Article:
ScriptDrop, a pharmacy-integrated prescription delivery service, has been building a customer base of “in-grocery” pharmacies, retail pharmacy giants, and health care pharmacies. They were laying the groundwork with national chains and strategic partners. Their model and customer base were ideally aligned with the market conditions created by COVID. With multiple points of industry contact and scalable infrastructure, they didn’t have to pivot. They did have to scale, but that was in their business plan anyway. ScriptDrop launched nationwide delivery for consumers. In 2020, they experienced a 170 percent increase in delivery volume.
Crises change market conditions and people’s views of certain products and services. A problem—especially a health crisis–bends bureaucracy and cuts through red tape. Emergencies disrupt the most significant barriers to innovation—inertia and the status quo.
Technology companies that know their industry, build loyal relationships with customers and strategic partners, and create a sufficiently adaptable business model can take advantage of an opportunity in a crisis.
Think of the operational challenges the healthcare industry has been battling for years.
- Reducing emergency room visits by improving preventive care;
- Helping medical professionals treat more patients while improving patient care;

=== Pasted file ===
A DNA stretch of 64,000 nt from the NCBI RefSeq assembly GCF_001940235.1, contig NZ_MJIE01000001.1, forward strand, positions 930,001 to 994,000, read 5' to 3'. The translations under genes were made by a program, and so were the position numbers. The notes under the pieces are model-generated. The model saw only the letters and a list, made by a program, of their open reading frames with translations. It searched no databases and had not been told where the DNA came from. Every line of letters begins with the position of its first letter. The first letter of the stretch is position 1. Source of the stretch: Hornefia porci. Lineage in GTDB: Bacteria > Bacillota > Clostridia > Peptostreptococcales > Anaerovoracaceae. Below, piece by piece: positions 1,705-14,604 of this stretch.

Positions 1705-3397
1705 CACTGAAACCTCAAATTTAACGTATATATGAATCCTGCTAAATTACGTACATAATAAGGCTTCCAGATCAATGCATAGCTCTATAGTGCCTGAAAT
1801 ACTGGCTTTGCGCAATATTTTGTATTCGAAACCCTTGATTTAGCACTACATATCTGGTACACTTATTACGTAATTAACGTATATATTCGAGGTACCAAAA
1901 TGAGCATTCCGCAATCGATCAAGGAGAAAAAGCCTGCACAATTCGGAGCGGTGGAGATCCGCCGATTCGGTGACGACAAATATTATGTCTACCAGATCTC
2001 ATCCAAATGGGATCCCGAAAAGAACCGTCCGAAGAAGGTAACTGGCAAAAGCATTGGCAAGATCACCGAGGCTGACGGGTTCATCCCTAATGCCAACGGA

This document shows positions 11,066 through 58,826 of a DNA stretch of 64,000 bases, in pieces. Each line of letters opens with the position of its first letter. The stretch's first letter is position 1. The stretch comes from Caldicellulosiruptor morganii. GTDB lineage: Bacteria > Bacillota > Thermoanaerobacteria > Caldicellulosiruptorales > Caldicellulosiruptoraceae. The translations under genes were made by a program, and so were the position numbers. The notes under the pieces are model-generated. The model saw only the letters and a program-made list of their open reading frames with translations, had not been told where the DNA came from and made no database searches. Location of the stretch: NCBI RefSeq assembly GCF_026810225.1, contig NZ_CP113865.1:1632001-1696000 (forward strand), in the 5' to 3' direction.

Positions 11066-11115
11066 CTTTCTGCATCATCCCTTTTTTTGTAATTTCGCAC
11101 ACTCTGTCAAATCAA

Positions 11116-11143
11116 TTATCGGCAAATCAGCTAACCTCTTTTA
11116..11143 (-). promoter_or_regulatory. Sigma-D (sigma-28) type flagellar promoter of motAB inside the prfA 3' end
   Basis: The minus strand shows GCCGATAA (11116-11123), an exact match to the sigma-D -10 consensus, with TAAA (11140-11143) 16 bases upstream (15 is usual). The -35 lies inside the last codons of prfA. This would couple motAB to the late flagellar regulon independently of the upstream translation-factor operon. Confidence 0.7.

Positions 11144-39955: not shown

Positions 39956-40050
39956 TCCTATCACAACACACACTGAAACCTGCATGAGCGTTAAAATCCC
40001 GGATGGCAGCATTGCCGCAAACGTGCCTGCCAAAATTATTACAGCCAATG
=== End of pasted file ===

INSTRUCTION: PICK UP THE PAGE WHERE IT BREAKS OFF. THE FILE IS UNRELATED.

- Reaching geographically remote locations or communities that don’t have ready access to medical care, and
- Making sure patients, especially the elderly, take their medicine.
The pandemic’s challenges created an urgency and willingness to try new solutions that didn’t exist before. These solution opportunities in healthcare generate a ripple effect in other industries driving technologies to converge to create end-to-end solutions for the betterment of people everywhere.
About Wayne Embree
Wayne is an experienced seed-stage investor with a track record of fueling startups with guidance and venture capital. He’s been involved in over 200 investments, including sitting on over 50 boards and taking more than 60 businesses through exits. Throughout his career, he has maintained his passion and enthusiasm for helping entrepreneurs change the world. Wayne has a BS in Natural Sciences from Western Oregon and an MS in Urban Planning from the University of Oregon.
Executive Vice President, Investments & Venture Acceleration